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Is It Time to Sell Your Jewelry?

Styles, fashion, finances, incomes, expenses, priorities all have undergone great changes over the past 10 years for nearly all of us. While life is still good here compared to most of the rest of the world, it may be now that jewelry sitting in a hiding place, a safe or a bank vault needs to come out into the market and to be sold. Every buyer tells you they are the biggest and the best, but consumers really do not have much of a clue about selling their jewelry properly. Help is here if you want to do the necessary job as well as you can.

When you want to sell jewelry you have owned or inherited most of you will hardly know where or how to start. You probably do not know the liquidation value of your items even if you have current Insurance appraisals. Most folks don’t even understand that insurance appraisals are not good indicators of what a consumer can sell their jewelry for. So many consumers falsely believe that whatever the item was appraised for insurance coverage that a dealer would be willing to pay such a retail price. Folks, it just isn’t so. When you want to sell jewelry and be paid upon delivery, a dealer will pay a fraction of the retail value even for fantastic and fine items. Items that are obsolete, damaged or out of fashion generally bring scrap value with very little for small diamonds and nearly zero for most common colored gems. You can’t sell a home for cash on any given day and get the full market value from a buyer. You can’t do it with jewelry, either.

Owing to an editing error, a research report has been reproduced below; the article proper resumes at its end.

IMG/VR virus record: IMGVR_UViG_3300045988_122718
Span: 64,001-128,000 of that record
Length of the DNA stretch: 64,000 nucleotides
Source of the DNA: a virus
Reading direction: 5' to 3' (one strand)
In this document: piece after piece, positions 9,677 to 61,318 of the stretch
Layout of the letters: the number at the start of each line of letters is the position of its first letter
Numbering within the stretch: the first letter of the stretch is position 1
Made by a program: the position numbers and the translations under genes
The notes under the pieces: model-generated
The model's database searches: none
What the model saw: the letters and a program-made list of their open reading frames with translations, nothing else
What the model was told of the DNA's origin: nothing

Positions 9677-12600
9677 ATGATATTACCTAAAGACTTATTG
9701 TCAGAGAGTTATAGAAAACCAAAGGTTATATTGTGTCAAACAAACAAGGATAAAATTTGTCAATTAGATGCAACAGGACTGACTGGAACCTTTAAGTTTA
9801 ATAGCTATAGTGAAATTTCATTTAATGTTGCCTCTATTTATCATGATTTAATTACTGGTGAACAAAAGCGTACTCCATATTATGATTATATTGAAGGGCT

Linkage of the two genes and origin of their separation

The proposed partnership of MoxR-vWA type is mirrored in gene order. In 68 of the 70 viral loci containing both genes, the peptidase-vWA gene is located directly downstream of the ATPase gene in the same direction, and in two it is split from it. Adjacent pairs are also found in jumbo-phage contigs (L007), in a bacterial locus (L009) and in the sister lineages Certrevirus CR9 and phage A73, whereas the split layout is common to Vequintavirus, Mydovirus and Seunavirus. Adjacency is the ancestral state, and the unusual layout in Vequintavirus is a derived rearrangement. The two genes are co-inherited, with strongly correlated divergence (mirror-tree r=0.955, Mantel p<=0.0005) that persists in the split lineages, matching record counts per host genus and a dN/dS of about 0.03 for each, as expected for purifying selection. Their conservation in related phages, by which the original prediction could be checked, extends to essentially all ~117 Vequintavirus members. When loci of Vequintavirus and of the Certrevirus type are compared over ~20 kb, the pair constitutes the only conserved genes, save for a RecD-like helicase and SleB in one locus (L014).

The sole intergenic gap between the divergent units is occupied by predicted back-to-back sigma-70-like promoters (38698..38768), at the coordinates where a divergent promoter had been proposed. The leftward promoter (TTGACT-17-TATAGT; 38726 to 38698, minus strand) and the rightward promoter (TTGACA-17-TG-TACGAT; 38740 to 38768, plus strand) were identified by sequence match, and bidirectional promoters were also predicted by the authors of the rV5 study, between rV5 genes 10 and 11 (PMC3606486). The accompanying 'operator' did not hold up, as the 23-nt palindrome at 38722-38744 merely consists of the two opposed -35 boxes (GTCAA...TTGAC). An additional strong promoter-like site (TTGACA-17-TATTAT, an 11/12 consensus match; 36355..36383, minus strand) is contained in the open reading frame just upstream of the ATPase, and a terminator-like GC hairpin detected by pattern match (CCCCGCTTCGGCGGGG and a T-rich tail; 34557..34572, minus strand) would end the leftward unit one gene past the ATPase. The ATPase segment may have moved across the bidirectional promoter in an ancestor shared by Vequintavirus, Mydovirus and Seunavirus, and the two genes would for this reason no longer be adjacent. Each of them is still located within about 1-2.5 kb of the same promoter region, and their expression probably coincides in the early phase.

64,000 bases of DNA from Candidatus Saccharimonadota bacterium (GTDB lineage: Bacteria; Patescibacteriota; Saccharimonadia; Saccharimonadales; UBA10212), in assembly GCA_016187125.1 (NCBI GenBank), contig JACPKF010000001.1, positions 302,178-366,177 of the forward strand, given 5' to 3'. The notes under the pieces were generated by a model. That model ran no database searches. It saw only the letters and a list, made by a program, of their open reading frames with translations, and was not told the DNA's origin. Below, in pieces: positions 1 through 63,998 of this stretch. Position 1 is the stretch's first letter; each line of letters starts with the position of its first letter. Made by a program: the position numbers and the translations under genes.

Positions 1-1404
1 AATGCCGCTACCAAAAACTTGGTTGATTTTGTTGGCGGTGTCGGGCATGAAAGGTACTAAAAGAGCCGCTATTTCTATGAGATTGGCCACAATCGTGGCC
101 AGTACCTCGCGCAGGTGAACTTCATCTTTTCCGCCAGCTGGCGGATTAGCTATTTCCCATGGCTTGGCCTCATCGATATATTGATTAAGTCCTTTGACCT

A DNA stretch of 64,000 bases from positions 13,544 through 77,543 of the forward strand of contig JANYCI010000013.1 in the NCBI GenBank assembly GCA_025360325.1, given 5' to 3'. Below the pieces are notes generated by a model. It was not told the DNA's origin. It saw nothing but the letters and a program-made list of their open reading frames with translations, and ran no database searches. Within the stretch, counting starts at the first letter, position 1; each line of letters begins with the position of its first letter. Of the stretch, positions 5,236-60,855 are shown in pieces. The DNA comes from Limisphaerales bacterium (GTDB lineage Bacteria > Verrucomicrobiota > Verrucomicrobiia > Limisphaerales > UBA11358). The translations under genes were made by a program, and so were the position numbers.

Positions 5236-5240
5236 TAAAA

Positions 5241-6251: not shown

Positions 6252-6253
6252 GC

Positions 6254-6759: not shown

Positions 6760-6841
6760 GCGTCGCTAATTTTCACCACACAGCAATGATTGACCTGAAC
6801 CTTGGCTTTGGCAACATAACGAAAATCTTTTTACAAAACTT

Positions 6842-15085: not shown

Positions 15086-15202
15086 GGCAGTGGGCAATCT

Consignment of jewelry to a retail store is not the way to get paid with any speed or security. Do you know the jeweler well enough to leave the items with nothing but a receipt? How long will it take? Will the items ever sell? How and when might you be paid? Consignment to a well-known auction gallery is safer, but hardly the way to getting more money than in an outright, fair sale. Examine closely the long time it takes, along with all the associated costs charged to you and to whoever is the buyer. You’ll find the auction house takes a large share of the value as their commission. That’s money you will never see. Yes, the world’s finest and largest jewels sell at fabulous auctions, but jewelry belonging to members of the general public rarely rise to those world class levels of interest.

While I no longer actively buy jewelry, I have had 48 years of experience with buying and estate jewelry. I know how to help people understand how much they might obtain, how much to ask, how to hear what a buyer is saying, how to understand what the buyer is not saying, and to understand a question about your idea of value versus an authentic cash offer for purchase.